Out of all the entertainment genres available to us today, perhaps it is the marriage of video games and science fiction that offers the most scope for real depth and playability – a true match made in heaven. The ability to enter and explore these worlds that are otherwise alien to us keeps fans coming back for more, while the writers and developer’s only limit is their imaginations. Since the first sci-fi releases hit the early consoles, the storylines, graphics, and gameplay have gone from strength to strength, transporting us to other planets, alternative universes, into the not too distant future and to galaxies far, far away. Here then, is but a microcosm of the sci-fi gaming world for you to scan.
Initially introduced what seems like a lifetime ago in 1997 (and actually having roots as far back as 1988), the Fallout series has come a very long way. Set in a post-apocalyptic future, the first game is a role-playing point-and-click survival adventure with a turn-based combat system that looks and feels as dated as you might expect. Fast forward to the imminent release of Fallout 76, and you’ll be experiencing a very different beast entirely. Fallout 3’s shift to a first-person shooter has breathed new life into a franchise which has spawned four canon games and five spin-offs, including table-top versions and a potential movie in the works. Praised for an immersive world, solid storylines and rich atmosphere, each game was largely met with a positive reception. However, some fans would disagree, critical of the direction the franchise has taken since its POV change in 2008. Still, buzz around the forthcoming (and first multiplayer game of the series) is reaching fever pitch and it’s looking like a return to form.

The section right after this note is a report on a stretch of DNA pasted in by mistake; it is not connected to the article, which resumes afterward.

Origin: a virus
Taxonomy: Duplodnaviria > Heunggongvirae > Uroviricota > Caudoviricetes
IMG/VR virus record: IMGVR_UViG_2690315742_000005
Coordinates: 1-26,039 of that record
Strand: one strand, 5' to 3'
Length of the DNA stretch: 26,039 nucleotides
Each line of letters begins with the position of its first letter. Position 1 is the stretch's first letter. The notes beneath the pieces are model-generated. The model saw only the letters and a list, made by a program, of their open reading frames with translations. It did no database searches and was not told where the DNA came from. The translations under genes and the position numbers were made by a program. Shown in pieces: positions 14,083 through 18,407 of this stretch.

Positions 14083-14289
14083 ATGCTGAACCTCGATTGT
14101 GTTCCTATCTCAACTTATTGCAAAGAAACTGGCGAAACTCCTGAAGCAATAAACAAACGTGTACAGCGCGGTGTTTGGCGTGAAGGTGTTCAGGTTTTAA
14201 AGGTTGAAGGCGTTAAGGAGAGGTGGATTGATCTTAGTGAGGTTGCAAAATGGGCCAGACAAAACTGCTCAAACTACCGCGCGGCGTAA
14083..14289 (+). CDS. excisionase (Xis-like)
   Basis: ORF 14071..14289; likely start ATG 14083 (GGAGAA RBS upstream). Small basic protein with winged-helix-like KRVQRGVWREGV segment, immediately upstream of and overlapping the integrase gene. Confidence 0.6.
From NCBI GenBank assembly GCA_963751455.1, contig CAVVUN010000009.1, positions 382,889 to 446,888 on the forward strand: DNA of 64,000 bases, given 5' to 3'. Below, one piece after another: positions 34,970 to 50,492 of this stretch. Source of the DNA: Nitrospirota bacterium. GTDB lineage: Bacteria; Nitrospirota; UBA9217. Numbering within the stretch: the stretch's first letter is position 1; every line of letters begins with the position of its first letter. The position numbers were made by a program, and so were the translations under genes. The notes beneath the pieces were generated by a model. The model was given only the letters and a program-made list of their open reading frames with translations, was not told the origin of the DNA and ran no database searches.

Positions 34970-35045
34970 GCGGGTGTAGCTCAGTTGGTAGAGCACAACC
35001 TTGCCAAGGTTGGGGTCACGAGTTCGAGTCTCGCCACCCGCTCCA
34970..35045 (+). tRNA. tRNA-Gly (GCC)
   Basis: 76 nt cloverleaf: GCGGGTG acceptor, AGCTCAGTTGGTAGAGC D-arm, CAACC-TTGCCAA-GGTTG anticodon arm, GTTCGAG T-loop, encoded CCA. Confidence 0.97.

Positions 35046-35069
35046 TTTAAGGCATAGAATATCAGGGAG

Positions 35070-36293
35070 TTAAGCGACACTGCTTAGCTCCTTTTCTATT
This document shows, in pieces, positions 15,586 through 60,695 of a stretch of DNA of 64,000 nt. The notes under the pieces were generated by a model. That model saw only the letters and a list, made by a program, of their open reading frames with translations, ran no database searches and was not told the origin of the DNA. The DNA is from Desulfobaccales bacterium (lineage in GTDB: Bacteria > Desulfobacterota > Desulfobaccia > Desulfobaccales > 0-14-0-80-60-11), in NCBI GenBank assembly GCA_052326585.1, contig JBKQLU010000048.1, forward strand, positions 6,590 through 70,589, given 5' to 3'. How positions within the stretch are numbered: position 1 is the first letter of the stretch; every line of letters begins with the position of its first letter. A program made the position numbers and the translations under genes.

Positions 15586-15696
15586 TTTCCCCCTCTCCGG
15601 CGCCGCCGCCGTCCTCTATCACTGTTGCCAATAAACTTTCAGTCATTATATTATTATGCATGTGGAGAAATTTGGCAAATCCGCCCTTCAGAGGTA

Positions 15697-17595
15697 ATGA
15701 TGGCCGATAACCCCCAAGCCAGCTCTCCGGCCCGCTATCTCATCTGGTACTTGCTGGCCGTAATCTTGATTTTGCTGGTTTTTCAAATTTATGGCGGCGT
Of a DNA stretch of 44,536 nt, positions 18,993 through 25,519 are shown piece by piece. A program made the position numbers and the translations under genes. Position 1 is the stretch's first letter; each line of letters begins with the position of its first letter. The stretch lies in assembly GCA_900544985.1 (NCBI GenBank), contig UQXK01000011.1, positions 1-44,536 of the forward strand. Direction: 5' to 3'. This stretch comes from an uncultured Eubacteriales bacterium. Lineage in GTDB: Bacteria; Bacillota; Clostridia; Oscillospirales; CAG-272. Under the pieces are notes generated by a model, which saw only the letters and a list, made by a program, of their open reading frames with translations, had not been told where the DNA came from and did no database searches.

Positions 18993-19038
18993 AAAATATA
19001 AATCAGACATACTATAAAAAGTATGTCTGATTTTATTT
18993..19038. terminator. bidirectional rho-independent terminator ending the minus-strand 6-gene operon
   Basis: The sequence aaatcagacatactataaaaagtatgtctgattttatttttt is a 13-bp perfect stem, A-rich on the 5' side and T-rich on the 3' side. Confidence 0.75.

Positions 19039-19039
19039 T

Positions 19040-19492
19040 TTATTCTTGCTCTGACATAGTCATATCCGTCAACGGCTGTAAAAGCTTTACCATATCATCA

Video games and Star Wars go together like peanut butter and jelly, with the sci-fi behemoth’s love affair with the gaming community producing literally hundreds (if not thousands) of games across multiple consoles and platforms. The Battlefront series is arguably one of its most popular offerings, or at least it was until the recent debacle surrounding the EA Battlefront 2 (2017) version. Fans became rightly frustrated over the spiraling in-game costs to reveal content and largely boycotted its release. However, it’s still an incredibly beautiful slice of the Star Wars universe, stunningly depicted, with top-drawer voice talent and the first video game to be included as canon. Aside from the usual multiplayer blast-fest, the campaign follows Empire Inferno Squad commander Iden Versio and her team in the aftermath of the Battle of Endor. It took a critical bashing upon its release though as vitriolic gamers made their voices known with negative review bombing. If EA games manage to sort their shit out for the next one – they could have a masterpiece on their (greedy) hands.